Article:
I’m Ian Nicholson, VP Solutions at Emerald Associates. I have been working with Oracle Primavera Risk Analysis (OPRA) since 2001 when it was Pertmaster, as Emerald was the exclusive Canadian distributor for Pertmaster until their acquisition by Primavera in 2006.
In this series of blogs, I will explain why I feel that all OPRA users should upgrade to Safran Risk Analysis (SR).
Part 1: Technology
You might be wondering why I’m starting with such a boring topic. Don’t we really want to discuss bells and whistles and the cool factor items? The reality is that the most common complaints that I hear about OPRA are that it’s slow, it crashes a lot and it’s difficult to move data in and out. So if you’re an OPRA user today, it’s quite possible that you don’t want to change your process but you just need a more stable, more scalable platform.
When OPRA (at the time called Pertmaster) was re-introduced as a Risk Analysis tool in 2001 (it had previously been a CPM scheduling tool), most desktop scheduling tools used flat files to store their data. P6 had come out only a couple of years prior and had yet to be widely adopted; P3 ran on a BTrieve database, which was pretty much a flat file based system. The idea of using a database engine backend was something that was still relatively new, so Pertmaster used the more common flat file based structure.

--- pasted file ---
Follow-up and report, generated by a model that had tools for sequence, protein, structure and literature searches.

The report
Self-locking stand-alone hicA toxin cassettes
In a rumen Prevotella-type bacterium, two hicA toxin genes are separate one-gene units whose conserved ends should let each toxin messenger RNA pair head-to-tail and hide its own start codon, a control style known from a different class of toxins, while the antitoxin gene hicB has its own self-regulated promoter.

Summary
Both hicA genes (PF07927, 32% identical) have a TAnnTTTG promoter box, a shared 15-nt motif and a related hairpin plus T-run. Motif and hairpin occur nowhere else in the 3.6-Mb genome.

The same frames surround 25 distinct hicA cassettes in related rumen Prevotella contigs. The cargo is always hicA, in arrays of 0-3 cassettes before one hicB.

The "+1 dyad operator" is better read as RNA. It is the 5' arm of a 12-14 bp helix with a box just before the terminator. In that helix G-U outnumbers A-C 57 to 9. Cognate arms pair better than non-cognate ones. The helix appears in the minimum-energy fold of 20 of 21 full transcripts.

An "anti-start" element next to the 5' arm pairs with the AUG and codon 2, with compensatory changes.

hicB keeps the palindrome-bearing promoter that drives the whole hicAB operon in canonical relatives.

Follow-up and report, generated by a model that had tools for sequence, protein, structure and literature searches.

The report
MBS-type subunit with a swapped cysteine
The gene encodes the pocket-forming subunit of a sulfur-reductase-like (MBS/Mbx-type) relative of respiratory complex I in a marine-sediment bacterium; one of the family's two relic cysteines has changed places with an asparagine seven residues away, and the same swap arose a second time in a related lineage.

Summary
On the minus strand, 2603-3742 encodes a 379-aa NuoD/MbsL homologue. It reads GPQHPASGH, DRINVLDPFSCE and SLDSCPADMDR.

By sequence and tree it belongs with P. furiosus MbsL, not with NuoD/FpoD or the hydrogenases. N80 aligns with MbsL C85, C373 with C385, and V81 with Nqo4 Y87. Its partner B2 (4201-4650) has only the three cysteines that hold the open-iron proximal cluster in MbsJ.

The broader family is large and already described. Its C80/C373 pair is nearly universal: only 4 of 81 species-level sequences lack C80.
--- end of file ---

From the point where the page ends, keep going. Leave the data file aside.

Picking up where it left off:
For most risk users of the time, this didn’t matter because Schedule Risk Analysis (SRA) was a new and relatively immature concept that was performed infrequently by relatively few people on schedules that were generally built specifically for the risk analysis and had only a few hundred activities. Performance of such a system would be fast enough and the *.rsk output files would only be kept for short periods before being deleted or over-written. It was also unlikely that more than one user would need to access the file at a time.
The thing is, this is no longer the case. Over nearly 20 years of SRA, things have changed significantly. We now have defined risk maturity models, organizations have made SRA part of their project management methodology, and project teams build their own risk models. Standalone schedules for risk analyses are becoming rare and multiple users want to look at the model concurrently.